Skip to content


Harry Cassin
Publisher and Editor

Andy Spalding
Senior Editor

Jessica Tillipman
Senior Editor

Bill Steinman
Senior Editor

Richard L. Cassin
Editor at Large

Elizabeth K. Spahn
Editor Emeritus

Cody Worthington
Contributing Editor

Julie DiMauro
Contributing Editor

Thomas Fox
Contributing Editor

Marc Alain Bohn
Contributing Editor

Bill Waite
Contributing Editor

Shruti J. Shah
Contributing Editor

Russell A. Stamets
Contributing Editor

Richard Bistrong
Contributing Editor

Eric Carlson
Contributing Editor

Measuring Compliance

After a public company finds evidence of illegal payments overseas, there are decisions to make. Should the board launch an internal investigation? Should the company self-report its findings to the DOJ and SEC? What about a public disclosure? Before those decisions are made, though, there’s usually a discussion about “materiality.” It’s a common subject in this setting. But it shouldn’t be.

As we’ve said before, the measure for compliance under the Foreign Corrupt Practices Act’s books and records and internal control provisions isn’t materiality but reasonableness. Issuers must “make and keep books, records, and accounts, which, in reasonable detail, accurately and fairly reflect the transactions and dispositions of the assets of the issuer.” They must “devise and maintain a system of internal accounting controls sufficient to provide reasonable assurances that transactions are properly executed and recorded.”

Reasonableness, not materiality, explains a disclosure this week by Team Inc. The Alvin, Texas-based pipeline and valve repair specialist is investigating what it thinks are $50,000 of illegal payments in Trinidad over a five-year period. Just $10,000 a year. Not much by most measures, and impacting sales equivalent to just one-half of one percent of Team’s global revenues.

But lots of small bribes that go undetected for several years (if that’s what happened) might mean lapses in accounting standards and gaps in internal controls — and violations of the FCPA. That can be a big deal.

Here’s Team’s disclosure from its August 4th Form 8-K:

During a recent internal management review of one of our branch operations in Trinidad, we were informed of allegations of improper payments, made by our local employees, to employees of certain customers, including foreign government owned enterprises. Consequently, the Audit Committee of our Board of Directors initiated an investigation of those allegations with the assistance of independent outside counsel.

The investigation has found evidence suggesting that payments, which may violate the Foreign Corrupt Practices Act (FCPA), were made to employees of foreign government owned enterprises. While the investigation is ongoing, there has been no indication that the improper payments extend beyond the one Trinidad branch. Based upon the evidence obtained to date, we believe that the total of these improper payments over the past five years did not exceed $50,000. The total annual revenues from the impacted Trinidad branch represent approximately one-half of one percent of our annual consolidated revenues.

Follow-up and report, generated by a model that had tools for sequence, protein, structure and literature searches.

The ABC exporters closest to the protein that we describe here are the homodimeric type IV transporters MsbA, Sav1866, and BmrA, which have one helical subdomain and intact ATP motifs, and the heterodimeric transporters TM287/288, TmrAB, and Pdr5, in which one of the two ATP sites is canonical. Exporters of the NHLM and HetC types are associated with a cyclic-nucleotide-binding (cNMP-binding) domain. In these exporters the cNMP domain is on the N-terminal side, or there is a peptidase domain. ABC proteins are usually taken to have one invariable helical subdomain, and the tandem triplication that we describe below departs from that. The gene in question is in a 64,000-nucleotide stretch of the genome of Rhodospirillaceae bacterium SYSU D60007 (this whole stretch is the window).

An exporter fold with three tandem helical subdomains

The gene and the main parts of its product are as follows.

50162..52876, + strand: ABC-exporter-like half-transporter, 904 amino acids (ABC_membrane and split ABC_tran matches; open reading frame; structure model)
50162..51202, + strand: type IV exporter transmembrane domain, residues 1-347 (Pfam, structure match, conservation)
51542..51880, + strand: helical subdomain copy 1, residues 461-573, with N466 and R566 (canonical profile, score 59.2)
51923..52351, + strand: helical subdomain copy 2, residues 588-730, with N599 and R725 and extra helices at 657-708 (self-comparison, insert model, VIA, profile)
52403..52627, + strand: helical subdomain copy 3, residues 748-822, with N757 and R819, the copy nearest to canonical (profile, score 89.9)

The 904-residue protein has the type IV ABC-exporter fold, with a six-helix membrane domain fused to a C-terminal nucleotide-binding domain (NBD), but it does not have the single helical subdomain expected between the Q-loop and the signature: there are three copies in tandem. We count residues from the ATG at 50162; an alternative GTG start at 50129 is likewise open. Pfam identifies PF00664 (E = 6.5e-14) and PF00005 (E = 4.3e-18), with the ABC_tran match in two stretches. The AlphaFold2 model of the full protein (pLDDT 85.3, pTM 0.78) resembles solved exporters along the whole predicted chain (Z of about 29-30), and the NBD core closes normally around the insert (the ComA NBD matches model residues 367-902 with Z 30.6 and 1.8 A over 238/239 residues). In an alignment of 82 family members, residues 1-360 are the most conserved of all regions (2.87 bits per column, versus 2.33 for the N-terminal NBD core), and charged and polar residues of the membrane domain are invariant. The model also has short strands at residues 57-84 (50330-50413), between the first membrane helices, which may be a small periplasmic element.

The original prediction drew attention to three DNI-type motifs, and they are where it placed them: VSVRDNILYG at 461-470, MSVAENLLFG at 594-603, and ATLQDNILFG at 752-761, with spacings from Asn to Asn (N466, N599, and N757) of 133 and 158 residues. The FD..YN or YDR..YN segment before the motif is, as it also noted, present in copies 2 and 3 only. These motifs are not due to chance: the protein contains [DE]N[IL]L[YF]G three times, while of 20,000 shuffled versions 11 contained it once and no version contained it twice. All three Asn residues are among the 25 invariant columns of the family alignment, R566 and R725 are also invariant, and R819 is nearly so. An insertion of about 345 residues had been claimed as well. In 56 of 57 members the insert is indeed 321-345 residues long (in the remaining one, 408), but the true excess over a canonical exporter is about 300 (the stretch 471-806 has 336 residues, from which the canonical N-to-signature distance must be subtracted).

We have voluntary disclosed information relating to the initial allegations, the investigation and the initial findings to the U.S. Department of Justice and to the Securities and Exchange Commission, and we will cooperate with the DOJ and SEC in connection with their review of this matter. The outcome of this investigation cannot be predicted at this time; however, the FCPA and related statutes and regulations do provide for potential monetary penalties as well as criminal and civil sanctions in connection with FCPA violations.

Team Inc.’s common stock trades on the NASDAQ Global Select Market under the symbol TISI.

Download Team Inc.’s August 4, 2009 Form 8-K here.

* * *
From William Jefferson’s Trial. The jury convened for the last time Thursday and decided the former congressman must forfeiture close to $470,000. He was convicted Wednesday on 11 of 16 corruption charges, including conspiracy to violate the Foreign Corrupt Practices Act, soliciting and taking bribes, depriving citizens of honest services, money laundering and racketeering, and conspiracy to solicit bribes. Jefferson was acquitted of a substantive charge of violating the FCPA. He’s now free pending his October 30 sentencing, when he faces a maximum penalty of 150 years in prison.

Share this post


Comments are closed for this article!